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Chapter 11 Bankruptcy Reorganization Plan

Reorganization Plan in Chapter 11 Bankruptcy

Are you a business owner struggling with financial problems and lost profits? Chapter 11 bankruptcy may be an option to help you reorganize your debt, keep your doors open, and pay off your creditors over time.

In a Chapter 11 reorganization bankruptcy, debtors can keep their assets while developing a plan to repay their debts and, in some cases, obtain a discharge of certain eligible debts. For this reason, debtors are also referred to as debtors-in-possession.

One of the defining features of Chapter 11 bankruptcy includes the Plan of Reorganization, which sets forth how a debtor will pay down his or her outstanding debts over the term of the plan. Debtors filing for Chapter 11 bankruptcy are required to submit a plan to the court for approval.

To improve the likelihood that your proposed plan is approved, it’s advisable to get the help of an experienced bankruptcy lawyer as soon as possible.

Why Choose Sasser Law Firm?

Sasser Law Firm helps businesses and individuals navigate the process of recovering from financial hardship and working toward a sustainable future. With three board-certified bankruptcy specialists on our team, we bring unique and substantial experience in bankruptcy law to clients throughout North Carolina.

For more than two decades, our attorneys have helped over 7,000 individuals and businesses navigate the bankruptcy process. We handle Chapter 11, Chapter 7, and Chapter 13 petitions for individuals, and small business. Our highly skilled lawyers also respond swiftly to assist clients in emergencies, such as when they’re facing lawsuits or foreclosures.

We take pride in handling the toughest bankruptcy cases and have represented clients fiercely in bankruptcy appeals up to the Fourth Circuit Court of Appeals. Our mission is to help you pursue the best option for resolving your business’s financial affairs. You can count on us to explore alternative options so that you never feel pressured to file for bankruptcy.

Contact Sasser Law Firm or give our firm a call at (919) 319-7400 today for a free consultation.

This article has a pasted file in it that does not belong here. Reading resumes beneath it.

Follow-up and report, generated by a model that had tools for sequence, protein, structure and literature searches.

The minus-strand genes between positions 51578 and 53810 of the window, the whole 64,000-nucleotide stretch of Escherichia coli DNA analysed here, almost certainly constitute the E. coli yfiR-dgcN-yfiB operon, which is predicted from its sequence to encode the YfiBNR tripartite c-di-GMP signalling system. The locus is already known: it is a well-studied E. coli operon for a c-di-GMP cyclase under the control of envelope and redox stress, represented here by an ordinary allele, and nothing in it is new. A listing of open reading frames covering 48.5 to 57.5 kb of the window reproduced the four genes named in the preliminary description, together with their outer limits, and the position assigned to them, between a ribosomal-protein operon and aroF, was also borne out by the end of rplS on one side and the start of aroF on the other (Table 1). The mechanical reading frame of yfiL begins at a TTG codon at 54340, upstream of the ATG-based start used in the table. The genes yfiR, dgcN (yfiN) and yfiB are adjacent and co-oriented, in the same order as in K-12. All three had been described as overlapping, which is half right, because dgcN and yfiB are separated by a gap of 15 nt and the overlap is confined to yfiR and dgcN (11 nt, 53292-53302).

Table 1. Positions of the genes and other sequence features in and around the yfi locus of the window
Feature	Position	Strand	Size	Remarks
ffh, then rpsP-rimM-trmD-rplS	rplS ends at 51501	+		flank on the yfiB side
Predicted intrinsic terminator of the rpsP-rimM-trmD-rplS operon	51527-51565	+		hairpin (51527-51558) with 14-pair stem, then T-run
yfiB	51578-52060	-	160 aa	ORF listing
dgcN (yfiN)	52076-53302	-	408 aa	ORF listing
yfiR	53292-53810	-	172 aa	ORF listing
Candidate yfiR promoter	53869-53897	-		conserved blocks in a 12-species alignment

What Is a Chapter 11 Reorganization Plan?

A Chapter 11 reorganization plan outlines how a debtor proposes to pay off its outstanding debts.

For most businesses who seek Chapter 11 bankruptcy, a reorganization plan will also propose a restructuring of operations to ensure that bankruptcy provides a more permanent solution to the debtor’s financial problems. This may include closing or selling off less profitable subsidiaries, divisions, or lines of business, engaging in layoffs, or making only partial payments on certain eligible debts.

The reorganization plan, if approved by the court, acts as a contract between the debtor and its creditors. If debtors meet their obligations under the plan, they will have paid off or obtained a discharge of its existing debts. If the debtor violates the terms of the plan, it may result in the dismissal of the debtor’s bankruptcy case or an involuntary conversion of the case to a liquidation bankruptcy.

The Bankruptcy Code also allows a Chapter 11 debtor to submit a liquidating plan. This allows the debtor to maintain ownership of assets so that he or she can liquidate the business under more beneficial terms. It enables creditors to have a more active role in the liquidation process than would be possible in a traditional Chapter 7 bankruptcy.

When Do I Submit My Reorganization Plan?

In a Chapter 11 bankruptcy, a debtor has the exclusive right to file a proposed reorganization within the first 120 days following the filing of the Chapter 11 petition. A debtor may seek an extension of this exclusive period from the court, with possible extensions lasting for up to 18 months. Most extensions do not last beyond 300 days.

Occasionally, the debtor will submit a reorganization plan alongside the Chapter 11 bankruptcy petition that begins the case, which is more time efficient.